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Selling The Big Issue in the path of Australia's devastating wildfires

Trevor sells our sister paper The Big Issue Australia right in the path of the wildfires that have shocked the world. He reveals the uncertainty and fear of living in the path of the flames

Trevor Big Issue Australia Peter Holcroft

The Blue Mountains in the Australian state of New South Wales have faced some of the worst ravages of the devastating wildfires. Trevor has sold The Big Issue Australia since 2005 and lives in the area with his wife Ellen – who he met while selling the magazine. In a special piece, he describes the fear and uncertainty of living in the path of the flames. 

I live in Mount Victoria, in the Blue Mountains in New South Wales. There is a place here called Mount York Road, which is only 800 metres away from our house. We had bushfires there, say, six years ago, and it’s hit the same area again, closed the highway and impacted on places like Katoomba and Blackheath – some people were evacuated. We had everything ready, just in case we were told to evacuate straight away – photos, our personal papers and a small bag of clothes. And my wife took them to a friend’s place for safekeeping, so she looked after them for a number of days.

I felt apprehensive, we didn’t know what to expect. Especially the Saturday before Christmas – the winds were so fierce and towards the end of the day the whole daylight situation changed and it became very, very dark. We were inside the house watching all these embers, the smoke was just so dark. And I thought, “Oh no, don’t tell me we’re going to cop it, too.” It was very, very hot, it was easily 40C-plus. We are on the southern side of Mount Victoria and the fires were coming from the north. The fire was like a complete wall, I can’t describe it any other way, right across the northern side of Mount Victoria. We were terrified. I just couldn’t believe the column of grey smoke right across the sky.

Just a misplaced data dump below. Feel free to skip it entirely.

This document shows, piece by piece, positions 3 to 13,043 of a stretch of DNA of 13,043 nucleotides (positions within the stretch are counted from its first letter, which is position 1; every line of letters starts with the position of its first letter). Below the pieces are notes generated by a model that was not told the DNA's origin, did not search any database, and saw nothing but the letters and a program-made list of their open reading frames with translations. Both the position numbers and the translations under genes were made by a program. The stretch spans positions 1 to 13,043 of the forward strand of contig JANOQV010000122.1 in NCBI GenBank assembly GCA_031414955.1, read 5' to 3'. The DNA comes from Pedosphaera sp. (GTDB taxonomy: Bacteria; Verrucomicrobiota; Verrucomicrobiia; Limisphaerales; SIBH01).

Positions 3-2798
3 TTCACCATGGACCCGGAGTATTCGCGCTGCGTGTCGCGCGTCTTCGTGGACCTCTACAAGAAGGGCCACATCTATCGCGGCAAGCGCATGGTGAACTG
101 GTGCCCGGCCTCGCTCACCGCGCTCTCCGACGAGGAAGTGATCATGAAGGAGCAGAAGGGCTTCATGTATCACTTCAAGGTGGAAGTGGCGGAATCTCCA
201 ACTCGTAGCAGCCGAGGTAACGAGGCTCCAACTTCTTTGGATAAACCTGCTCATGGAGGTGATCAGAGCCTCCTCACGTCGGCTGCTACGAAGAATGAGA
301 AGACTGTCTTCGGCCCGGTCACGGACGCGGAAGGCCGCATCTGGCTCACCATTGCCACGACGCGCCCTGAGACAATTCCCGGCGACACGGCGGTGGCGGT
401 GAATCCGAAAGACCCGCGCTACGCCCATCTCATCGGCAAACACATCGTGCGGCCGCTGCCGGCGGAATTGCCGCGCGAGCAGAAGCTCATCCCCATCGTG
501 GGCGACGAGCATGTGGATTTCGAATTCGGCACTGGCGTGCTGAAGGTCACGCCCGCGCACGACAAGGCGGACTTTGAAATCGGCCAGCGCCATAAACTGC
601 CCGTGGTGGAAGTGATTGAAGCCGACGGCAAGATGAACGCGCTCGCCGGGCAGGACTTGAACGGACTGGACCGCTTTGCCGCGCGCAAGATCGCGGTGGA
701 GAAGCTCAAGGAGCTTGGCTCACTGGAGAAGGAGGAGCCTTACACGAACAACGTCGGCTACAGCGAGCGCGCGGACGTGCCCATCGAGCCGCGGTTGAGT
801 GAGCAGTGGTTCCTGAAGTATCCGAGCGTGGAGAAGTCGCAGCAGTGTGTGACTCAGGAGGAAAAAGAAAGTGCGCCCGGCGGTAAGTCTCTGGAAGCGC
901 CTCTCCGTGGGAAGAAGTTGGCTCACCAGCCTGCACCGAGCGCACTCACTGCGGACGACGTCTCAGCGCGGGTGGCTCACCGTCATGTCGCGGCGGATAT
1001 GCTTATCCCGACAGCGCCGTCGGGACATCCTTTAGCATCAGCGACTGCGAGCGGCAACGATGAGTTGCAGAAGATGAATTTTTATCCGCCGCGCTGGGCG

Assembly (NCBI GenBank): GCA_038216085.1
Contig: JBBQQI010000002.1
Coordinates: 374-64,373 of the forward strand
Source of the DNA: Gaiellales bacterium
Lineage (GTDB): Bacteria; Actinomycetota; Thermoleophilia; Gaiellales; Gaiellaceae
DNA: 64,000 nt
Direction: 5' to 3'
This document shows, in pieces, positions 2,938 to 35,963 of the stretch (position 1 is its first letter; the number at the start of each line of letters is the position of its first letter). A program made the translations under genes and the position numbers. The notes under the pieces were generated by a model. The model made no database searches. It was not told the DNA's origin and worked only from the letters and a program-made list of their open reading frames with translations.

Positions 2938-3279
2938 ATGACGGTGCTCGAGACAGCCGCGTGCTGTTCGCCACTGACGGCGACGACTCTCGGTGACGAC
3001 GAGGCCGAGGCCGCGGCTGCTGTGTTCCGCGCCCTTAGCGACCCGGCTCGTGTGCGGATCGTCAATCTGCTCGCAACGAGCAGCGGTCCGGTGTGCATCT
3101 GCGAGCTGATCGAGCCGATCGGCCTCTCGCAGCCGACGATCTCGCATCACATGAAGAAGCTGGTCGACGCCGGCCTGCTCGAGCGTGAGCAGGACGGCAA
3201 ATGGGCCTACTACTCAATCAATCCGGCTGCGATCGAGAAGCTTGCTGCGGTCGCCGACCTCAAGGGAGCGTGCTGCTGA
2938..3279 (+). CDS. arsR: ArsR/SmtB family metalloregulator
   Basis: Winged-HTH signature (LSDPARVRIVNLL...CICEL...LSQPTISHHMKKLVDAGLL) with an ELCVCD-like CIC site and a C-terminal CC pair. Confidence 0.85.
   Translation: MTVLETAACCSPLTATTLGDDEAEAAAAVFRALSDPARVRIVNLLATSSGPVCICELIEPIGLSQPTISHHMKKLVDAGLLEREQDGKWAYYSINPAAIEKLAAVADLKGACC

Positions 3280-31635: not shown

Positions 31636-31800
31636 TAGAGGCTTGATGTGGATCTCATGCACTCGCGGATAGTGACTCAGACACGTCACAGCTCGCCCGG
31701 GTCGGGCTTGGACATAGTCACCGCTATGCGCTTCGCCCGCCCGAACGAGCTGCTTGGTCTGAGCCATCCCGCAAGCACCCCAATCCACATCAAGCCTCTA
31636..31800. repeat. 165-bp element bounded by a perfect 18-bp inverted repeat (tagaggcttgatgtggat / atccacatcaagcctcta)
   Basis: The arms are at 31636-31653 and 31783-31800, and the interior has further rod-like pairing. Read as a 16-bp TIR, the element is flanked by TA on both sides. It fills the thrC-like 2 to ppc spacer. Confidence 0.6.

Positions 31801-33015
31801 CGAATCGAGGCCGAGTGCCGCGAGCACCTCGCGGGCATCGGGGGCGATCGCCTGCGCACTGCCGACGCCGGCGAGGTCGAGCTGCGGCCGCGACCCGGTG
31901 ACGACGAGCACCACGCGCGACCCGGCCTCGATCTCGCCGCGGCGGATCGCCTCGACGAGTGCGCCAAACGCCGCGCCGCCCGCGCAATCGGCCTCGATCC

We were on tenterhooks for about three or four days. We listened to the radio, and looked at the TV and internet for information, like the Rural Fire Service, that tells us what sort of area the fire’s in at the moment. We’re always at the ready in case we have to take off.

We’ve been putting up with this for the last month. We had the house closed up, but everything got inside the house, smoke was able to creep in. There was smoke for weeks. In the last couple of days we have had a bit of a reprieve from the smoke, but it’s started coming back because the weather’s coming back again. We’re still apprehensive – the fires are still going. We had a lightning storm last night – it can start new fires. We won’t be settled until the fires are gone. 

Over the last week, I’ve noticed the birds a bit more, which is wonderful. The black cockatoos, which we haven’t seen for ages. My wife saw a lyrebird in the neighbour’s veranda the other day. They’re coming back in, away from the fire zones. 

In the community here, everyone’s concerned. Where I sell The Big Issue in Katoomba, everyone’s waiting for a wet couple of weeks to come along. The bushfires have impacted on tourism, there’s hardly anyone around. The smoke was getting in your eyes and your lungs. We’re concerned about the water levels here in New South Wales, and the drought, it’s really affecting us. The price of food is starting to go up again.

This is by far the worst bushfire season we’ve ever had. I’ve been on this earth 63 years, and I’ve never seen anything like it. My sister lives in Omeo, about six hours away in Victoria, and they were surrounded by fire there as well. 

And we’ve still got another month of summer to get through.

Photo: Peter Holcroft

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